Dr. Isaac A. Smith
But little over several decades ago “scientific agriculture” was little more than a high-sounding phrase; farming was generally considered as an occupation in which the surplus sons of the old-time large families might find their natural and only means of livelihood. With the passing of the years, however, developments of a startling character have been brought about that have entirely changed the aspect of farming as well as the attitude of mankind toward this vocation. Each year witnesses remarkable progress along this line, and to understand this aroused and continued interest, the effective work carried on during the last fifteen years by men like Dr. Isaac A. (“Soy Bean”) Smith, or Warren, must be considered. A physician by profession, he gave up his practice to experiment along agricultural lines, and through his earnest and unceasing labors has contributed materially to Indiana’s importance as an agricultural state, and the Bean Grove farm, a tract of 160 acres located three miles north of Warren, Indiana, on the southwest one-quarter of section 4, township 26 N., range 10, E., in Salamonie township, has been the scene of some remarkable developments and discoveries.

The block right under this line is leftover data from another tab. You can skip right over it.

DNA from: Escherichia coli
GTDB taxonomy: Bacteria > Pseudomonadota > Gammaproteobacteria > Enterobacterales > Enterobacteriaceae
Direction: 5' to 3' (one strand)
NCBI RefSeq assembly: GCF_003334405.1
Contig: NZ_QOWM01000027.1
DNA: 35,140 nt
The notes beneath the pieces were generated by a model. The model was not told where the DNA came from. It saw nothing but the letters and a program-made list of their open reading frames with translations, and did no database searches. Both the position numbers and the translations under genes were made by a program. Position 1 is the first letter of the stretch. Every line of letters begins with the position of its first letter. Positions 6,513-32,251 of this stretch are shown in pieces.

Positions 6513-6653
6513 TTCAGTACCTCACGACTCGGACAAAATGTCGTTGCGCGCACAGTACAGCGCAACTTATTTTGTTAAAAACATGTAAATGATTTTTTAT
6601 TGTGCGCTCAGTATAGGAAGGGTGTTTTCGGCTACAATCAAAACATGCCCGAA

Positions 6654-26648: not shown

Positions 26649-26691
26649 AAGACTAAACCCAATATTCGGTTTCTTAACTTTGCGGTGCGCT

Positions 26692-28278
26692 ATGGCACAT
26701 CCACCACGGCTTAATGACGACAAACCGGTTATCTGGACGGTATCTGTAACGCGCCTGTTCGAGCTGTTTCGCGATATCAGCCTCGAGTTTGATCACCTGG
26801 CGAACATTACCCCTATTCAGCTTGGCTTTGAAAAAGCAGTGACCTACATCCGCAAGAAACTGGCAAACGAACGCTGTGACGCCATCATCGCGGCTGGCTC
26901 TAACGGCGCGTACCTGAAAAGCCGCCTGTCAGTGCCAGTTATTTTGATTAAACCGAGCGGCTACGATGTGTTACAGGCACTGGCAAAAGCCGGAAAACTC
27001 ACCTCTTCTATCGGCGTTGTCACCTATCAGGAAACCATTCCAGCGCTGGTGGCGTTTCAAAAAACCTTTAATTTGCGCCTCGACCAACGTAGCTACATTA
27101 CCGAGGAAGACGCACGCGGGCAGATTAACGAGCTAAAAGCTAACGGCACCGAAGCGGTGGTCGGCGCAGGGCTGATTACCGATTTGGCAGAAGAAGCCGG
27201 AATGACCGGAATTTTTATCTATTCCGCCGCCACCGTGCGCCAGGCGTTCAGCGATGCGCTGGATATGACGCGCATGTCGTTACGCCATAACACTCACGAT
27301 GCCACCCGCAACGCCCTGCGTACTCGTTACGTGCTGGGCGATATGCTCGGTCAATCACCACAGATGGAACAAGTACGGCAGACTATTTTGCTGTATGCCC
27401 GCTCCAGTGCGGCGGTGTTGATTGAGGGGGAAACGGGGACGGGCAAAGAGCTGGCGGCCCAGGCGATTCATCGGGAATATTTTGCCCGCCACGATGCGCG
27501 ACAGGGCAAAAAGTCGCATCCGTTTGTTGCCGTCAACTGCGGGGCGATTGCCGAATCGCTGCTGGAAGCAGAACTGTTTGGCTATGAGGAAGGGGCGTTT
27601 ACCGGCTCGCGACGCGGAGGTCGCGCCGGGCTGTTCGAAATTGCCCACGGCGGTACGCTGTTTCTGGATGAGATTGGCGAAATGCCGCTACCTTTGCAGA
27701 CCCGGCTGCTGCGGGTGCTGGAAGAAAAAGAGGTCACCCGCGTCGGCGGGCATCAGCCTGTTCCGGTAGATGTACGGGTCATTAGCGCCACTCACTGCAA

Doctor Smith was born on the farm on which he now resides, April 1, 1849, and is a son of David G. and Mary (Johnson) Smith, the former a native of Muskingum County, Ohio, and the latter of Harrison County of that state. They were married in Ohio, and in 1844 migrated to Indiana, locating in Salamonie Township, where they entered a tract of 160 acres, the quarter-section described above, all at that time covered by a dense growth of timber. Mr. Smith engaged in farming, cleared his land and became one of th substantial men of his community. He was progressive in his work and public-spirited as a citizen, and is remembered as a man of firm convictions and even temperament. He was the father of five children, of whom two are living at the time of this report: Thomas J., a resident of Sedgwick City, Kansas; and Isaac A.